New York City Council Votes to 'Drop The Rock'

Those whose lives have been torn apart by the brutal Rockefeller Drug Laws should know that additional help is on the way. The New York City Council has joined the struggle for reform.

Enacted in 1973, the Rockefeller Drug Laws require incredibly harsh prison sentences for the possession or sale of a relatively small amount of drugs. Persons convicted of "Class A felonies", as they're called, regardless of the nature of their involvement, receive the same maximum sentence as people convicted of murder, arson, and kidnapping.

On Tuesday, October 22nd, Council Members Yvette Clarke, Chair of the Fire & Criminal Justice Services Committee, and Hiram Monserrate, Chair of the Select Committee on Civil Rights and Co-Chair of the Black, Latino and Asian Caucus, held a press conference and rally on the steps of City Hall to kick off "Drop the Rock Week" in the City Council. Several members of the Black, Latino and Asian Caucus, as well as community activists and criminal justice advocates, joined them.

CLARKE HOLDS HEARING

Directly following this, Councilwoman Yvette Clarke's Committee convened a hearing on Resolution 241-A, sponsored by Hiram Monserrate and endorsed by the Black, Latino and Asian Caucus. This Resolution calls upon the New York State Legislature to adopt meaningful reform of the Rockefeller Drug Laws and Second Felony Offender Laws. The Resolution supports discretion for judges to rehabilitate addicts, funding for expanded treatment options for non-violent drug offenders, and a reduction in the range of mandatory minimum sentences. It also supports tougher sentences for drug trafficking and those who use a child or gun to commit a drug crime.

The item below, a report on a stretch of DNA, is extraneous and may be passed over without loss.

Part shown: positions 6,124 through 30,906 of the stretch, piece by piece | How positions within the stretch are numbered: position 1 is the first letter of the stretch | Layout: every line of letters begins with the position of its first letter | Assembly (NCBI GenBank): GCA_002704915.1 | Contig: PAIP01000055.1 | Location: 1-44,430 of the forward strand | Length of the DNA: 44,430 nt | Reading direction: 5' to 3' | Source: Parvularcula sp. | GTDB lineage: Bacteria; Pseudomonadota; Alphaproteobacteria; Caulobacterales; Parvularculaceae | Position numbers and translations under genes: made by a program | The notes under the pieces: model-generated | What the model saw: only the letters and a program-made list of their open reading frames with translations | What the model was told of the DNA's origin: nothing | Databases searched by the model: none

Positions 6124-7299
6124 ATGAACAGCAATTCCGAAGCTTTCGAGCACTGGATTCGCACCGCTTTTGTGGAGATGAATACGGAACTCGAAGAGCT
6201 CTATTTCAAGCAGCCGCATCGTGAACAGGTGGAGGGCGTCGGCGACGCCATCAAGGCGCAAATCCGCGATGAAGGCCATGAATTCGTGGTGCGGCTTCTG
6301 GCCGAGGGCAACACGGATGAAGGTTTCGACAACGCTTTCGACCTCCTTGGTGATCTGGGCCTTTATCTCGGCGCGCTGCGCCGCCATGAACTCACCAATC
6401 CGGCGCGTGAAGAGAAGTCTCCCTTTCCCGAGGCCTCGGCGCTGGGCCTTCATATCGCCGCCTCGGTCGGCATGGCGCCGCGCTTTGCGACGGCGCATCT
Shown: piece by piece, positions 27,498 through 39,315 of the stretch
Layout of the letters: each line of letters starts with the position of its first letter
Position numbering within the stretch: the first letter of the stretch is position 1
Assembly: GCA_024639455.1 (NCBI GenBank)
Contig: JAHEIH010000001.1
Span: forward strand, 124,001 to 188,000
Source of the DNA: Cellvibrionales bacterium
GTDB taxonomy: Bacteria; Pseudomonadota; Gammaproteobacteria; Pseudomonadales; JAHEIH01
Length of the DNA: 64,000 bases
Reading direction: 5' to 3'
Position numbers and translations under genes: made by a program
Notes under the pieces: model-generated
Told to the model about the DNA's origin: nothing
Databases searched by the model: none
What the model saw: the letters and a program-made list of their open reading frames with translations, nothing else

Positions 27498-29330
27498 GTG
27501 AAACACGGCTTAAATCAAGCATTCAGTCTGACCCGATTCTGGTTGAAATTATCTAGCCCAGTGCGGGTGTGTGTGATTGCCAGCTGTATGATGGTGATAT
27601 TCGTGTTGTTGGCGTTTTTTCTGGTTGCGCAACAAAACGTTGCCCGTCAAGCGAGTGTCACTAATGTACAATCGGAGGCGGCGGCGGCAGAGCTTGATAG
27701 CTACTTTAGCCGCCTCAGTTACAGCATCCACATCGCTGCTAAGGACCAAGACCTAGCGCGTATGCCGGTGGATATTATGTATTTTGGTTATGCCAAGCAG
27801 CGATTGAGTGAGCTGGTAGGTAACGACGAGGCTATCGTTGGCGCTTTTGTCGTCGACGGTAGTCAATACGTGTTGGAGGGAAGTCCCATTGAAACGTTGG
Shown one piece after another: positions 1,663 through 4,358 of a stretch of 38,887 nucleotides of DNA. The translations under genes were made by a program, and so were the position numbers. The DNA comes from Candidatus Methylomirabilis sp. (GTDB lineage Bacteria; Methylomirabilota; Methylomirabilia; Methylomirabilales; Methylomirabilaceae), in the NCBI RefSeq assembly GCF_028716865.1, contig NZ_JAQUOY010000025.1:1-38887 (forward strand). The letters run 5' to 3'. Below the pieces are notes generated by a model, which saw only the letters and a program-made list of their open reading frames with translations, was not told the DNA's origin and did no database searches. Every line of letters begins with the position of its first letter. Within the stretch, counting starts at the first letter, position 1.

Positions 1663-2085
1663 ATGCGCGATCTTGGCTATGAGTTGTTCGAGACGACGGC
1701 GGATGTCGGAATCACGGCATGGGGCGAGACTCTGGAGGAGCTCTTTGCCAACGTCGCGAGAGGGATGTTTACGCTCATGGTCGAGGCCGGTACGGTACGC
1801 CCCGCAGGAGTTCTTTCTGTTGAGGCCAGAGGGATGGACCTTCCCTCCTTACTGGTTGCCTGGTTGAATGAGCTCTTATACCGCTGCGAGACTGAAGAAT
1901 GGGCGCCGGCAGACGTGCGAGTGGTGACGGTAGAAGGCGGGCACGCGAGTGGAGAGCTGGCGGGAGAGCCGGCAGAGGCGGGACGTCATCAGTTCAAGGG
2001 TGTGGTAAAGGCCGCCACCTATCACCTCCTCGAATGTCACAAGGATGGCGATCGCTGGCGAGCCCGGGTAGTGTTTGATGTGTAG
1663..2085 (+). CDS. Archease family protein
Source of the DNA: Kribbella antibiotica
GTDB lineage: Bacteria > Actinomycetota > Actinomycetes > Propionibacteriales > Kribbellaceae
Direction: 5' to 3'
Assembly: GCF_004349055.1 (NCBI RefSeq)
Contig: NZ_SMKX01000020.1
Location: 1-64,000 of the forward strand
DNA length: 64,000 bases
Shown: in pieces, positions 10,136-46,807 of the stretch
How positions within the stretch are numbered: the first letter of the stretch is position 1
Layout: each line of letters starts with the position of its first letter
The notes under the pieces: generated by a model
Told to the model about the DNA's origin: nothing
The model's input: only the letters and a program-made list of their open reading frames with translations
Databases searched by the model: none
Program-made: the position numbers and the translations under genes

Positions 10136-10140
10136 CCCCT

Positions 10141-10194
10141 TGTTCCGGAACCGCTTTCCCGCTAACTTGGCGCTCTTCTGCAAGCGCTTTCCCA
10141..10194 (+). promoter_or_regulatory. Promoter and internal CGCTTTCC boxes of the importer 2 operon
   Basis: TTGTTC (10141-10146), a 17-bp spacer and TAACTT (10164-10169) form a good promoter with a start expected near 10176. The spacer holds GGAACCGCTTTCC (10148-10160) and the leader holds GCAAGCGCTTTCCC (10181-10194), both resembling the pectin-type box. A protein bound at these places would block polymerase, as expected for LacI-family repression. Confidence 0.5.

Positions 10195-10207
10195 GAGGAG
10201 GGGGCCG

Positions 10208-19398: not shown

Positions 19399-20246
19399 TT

Speaking on why the Black, Latino and Asian Caucus supports this Resolution, Co-Chair Helen Foster said, "These laws are useless when it comes to deterring drug crime or reducing recidivism. What they are good at is incarcerating approximately 100,000 people annually - nearly all of them Black or Hispanic residents of New York City. The Caucus is sending the State a message that our communities have lost patience with false promises. We need comprehensive reform now!"

At the hearing, representatives of organizations and individuals spoke both factually and movingly about the hideous injustice of these laws and why there is a desperate need for reform. It was spelled out that while African Americans and Latinos comprise 32.3% of New York's population, they make up 94.3% of those currently incarcerated for drug felonies - even though drug use and selling are almost proportionate between races. Among women, 82% of Latina women and 71% of African American women sentenced to prison were sentenced for drug offenses - compared with only 41% of white women. In many cases these people are serving longer sentences than those who committed rape or murder.

And it was made vivid that these laws affect real lives. There was testimony by a mother whose son died in prison, and from a young man who, after loosing an arm, became involved in drugs and subsequently went to jail for almost 15 years.

RESOLUTION COMES BEFORE CITY COUNCIL

As it turned out, this hearing was taking place on the day that State Senate Majority Leader Bruno made known his intent to revisit the issue after years of delay. A vote on the matter may be coming very soon. Therefore, it was most timely that the very next day, this Resolution was up for a vote in the City Council.